BBC

🇬🇧 #UK: British Film Institute To Celebrate Eurovision & The BBC At 100

As part of the British Film Institute’s events to mark ‘BBC 100 Gamechangers’, they will be devoting two sessions to the Eurovision Song Contest on Saturday 22nd October 2022 at the BFI’s London Southbank.

Session One: The Eurovision Song Contest 1962

Thanks to the recent discovery of an audio copy of the BBC transmission (with commentary by David Jacobs) of this competition it has now been possible to create a near complete reconstruction of the show as originally broadcast by the BBC from 60 years ago. This screening presents a rare opportunity to see a vintage Eurovision Song Contest. From the Villa Louvigny in Luxembourg and presented by Mireille Delannoy, 16 countries compete in the seventh edition of the contest. Ronnie Carroll represents the United Kingdom with the song Ring-A-Ding Girl. Produced and Directed by Jos Pauly and René Steichen. Originally broadcast on Sunday 18th March, 1962.

Session Two: A Eurovision Extravaganza: The Changing Face Of Eurovision (Panel Discussion) plus clips.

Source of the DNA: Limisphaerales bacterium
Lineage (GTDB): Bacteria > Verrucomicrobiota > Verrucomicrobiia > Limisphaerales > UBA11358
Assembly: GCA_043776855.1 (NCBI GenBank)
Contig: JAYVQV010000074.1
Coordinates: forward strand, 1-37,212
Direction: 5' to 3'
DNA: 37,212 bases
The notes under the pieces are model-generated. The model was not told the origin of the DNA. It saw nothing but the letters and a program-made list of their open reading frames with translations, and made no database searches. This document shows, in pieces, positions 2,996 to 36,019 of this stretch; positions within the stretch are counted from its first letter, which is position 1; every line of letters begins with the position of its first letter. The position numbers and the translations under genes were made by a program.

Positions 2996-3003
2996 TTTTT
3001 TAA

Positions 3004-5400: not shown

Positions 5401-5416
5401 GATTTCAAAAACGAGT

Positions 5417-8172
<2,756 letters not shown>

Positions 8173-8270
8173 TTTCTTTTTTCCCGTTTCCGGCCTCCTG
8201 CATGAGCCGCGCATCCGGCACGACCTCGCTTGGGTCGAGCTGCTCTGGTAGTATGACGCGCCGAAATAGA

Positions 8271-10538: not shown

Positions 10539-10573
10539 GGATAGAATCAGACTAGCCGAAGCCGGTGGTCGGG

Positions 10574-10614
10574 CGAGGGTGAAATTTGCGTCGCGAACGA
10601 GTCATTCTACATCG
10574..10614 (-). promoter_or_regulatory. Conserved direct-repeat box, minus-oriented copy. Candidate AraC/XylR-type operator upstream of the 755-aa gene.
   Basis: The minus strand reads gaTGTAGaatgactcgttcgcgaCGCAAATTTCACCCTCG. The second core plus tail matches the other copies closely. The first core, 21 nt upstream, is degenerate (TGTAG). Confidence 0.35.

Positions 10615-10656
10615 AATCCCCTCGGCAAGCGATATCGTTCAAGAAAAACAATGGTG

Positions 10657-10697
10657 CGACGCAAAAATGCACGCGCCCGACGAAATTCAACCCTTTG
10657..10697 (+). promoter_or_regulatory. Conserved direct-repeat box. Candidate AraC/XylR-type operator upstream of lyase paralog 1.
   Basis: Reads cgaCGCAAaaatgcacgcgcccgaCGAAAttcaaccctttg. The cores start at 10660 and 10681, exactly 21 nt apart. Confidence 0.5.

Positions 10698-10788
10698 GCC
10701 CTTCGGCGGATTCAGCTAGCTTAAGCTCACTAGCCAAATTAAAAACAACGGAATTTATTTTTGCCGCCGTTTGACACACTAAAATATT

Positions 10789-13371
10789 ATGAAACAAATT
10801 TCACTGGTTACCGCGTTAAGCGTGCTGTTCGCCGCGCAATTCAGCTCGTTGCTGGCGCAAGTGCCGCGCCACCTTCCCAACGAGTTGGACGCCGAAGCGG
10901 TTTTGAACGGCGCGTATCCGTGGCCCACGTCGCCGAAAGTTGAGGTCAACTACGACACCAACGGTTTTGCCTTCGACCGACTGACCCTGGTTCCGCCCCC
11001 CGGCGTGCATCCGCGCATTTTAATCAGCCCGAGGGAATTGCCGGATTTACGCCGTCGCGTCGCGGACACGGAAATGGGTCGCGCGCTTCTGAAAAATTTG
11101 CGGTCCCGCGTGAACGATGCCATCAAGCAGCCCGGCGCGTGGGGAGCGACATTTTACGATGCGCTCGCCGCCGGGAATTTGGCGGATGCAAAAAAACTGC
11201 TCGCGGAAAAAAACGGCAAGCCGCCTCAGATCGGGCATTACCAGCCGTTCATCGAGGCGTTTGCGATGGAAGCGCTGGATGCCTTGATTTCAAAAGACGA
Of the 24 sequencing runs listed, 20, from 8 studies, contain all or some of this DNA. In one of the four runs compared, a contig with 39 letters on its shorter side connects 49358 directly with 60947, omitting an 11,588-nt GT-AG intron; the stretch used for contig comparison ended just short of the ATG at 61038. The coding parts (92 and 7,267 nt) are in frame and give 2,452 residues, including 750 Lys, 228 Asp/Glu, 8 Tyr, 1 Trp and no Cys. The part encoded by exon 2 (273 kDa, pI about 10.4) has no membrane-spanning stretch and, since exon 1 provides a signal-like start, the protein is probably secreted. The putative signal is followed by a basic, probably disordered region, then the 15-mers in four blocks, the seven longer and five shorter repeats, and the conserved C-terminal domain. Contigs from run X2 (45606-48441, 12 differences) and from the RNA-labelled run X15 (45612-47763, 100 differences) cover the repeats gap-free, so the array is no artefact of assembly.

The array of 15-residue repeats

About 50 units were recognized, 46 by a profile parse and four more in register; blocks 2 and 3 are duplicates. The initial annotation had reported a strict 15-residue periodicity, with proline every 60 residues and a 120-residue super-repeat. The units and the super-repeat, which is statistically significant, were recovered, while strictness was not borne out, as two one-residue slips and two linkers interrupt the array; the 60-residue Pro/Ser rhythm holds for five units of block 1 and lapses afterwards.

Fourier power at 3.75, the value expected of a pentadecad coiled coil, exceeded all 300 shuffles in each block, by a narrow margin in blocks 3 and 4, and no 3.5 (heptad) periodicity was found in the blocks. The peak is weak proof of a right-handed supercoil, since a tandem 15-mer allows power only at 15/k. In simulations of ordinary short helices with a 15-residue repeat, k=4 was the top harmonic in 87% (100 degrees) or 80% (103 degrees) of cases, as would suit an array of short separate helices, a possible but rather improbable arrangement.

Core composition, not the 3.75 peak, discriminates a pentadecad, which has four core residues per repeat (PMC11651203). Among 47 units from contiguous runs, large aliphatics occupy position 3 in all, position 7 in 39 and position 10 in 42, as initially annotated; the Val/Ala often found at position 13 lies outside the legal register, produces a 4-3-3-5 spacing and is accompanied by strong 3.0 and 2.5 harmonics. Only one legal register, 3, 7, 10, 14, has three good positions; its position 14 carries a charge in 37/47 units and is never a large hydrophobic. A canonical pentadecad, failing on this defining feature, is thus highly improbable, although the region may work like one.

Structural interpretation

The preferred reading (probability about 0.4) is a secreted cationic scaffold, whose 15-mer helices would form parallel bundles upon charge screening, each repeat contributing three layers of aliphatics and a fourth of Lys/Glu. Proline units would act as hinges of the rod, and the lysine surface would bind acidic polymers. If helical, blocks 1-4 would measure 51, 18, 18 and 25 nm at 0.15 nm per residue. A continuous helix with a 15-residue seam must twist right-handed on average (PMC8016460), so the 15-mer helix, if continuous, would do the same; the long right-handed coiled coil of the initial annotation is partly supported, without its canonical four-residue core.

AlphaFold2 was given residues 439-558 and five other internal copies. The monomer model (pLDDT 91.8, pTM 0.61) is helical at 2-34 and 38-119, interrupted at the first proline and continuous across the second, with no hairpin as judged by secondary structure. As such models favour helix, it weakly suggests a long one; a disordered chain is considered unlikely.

Rarely has any television format evolved (mutated?) as much as the Eurovision Song Contest, from a straightforward friendly (black and white) competition between European nations to the modern-day, high-camp, dazzlingly colourful extravaganza that almost defies description and (bafflingly) includes Australia amongst its contestants. And recently has inspired international variants! With an array of rare archive material and pertinent clips, the panel*, hosted by Eurovision expert Gordon Roxburgh, will analyse the changing face of Eurovision. And, to finish the day in style, a bespoke compilation will capture the spirit of Eurovision over the years featuring famous hosts, unforgettable performers, OTT sets, inappropriate costumes and the increasingly elaborate interval entertainments.

Tickets for an individual session will cost £15 & £12 for concessions (£2 cheaper for BFI members). A joint ticket for both sessions will be available, with the price TBC.

Let us know what you think about the United Kingdom and the Eurovision Song Contest – either in the comments below or on our FACEBOOK and TWITTER pages.

Author: Richard Taylor

Source: Gordon Roxburgh

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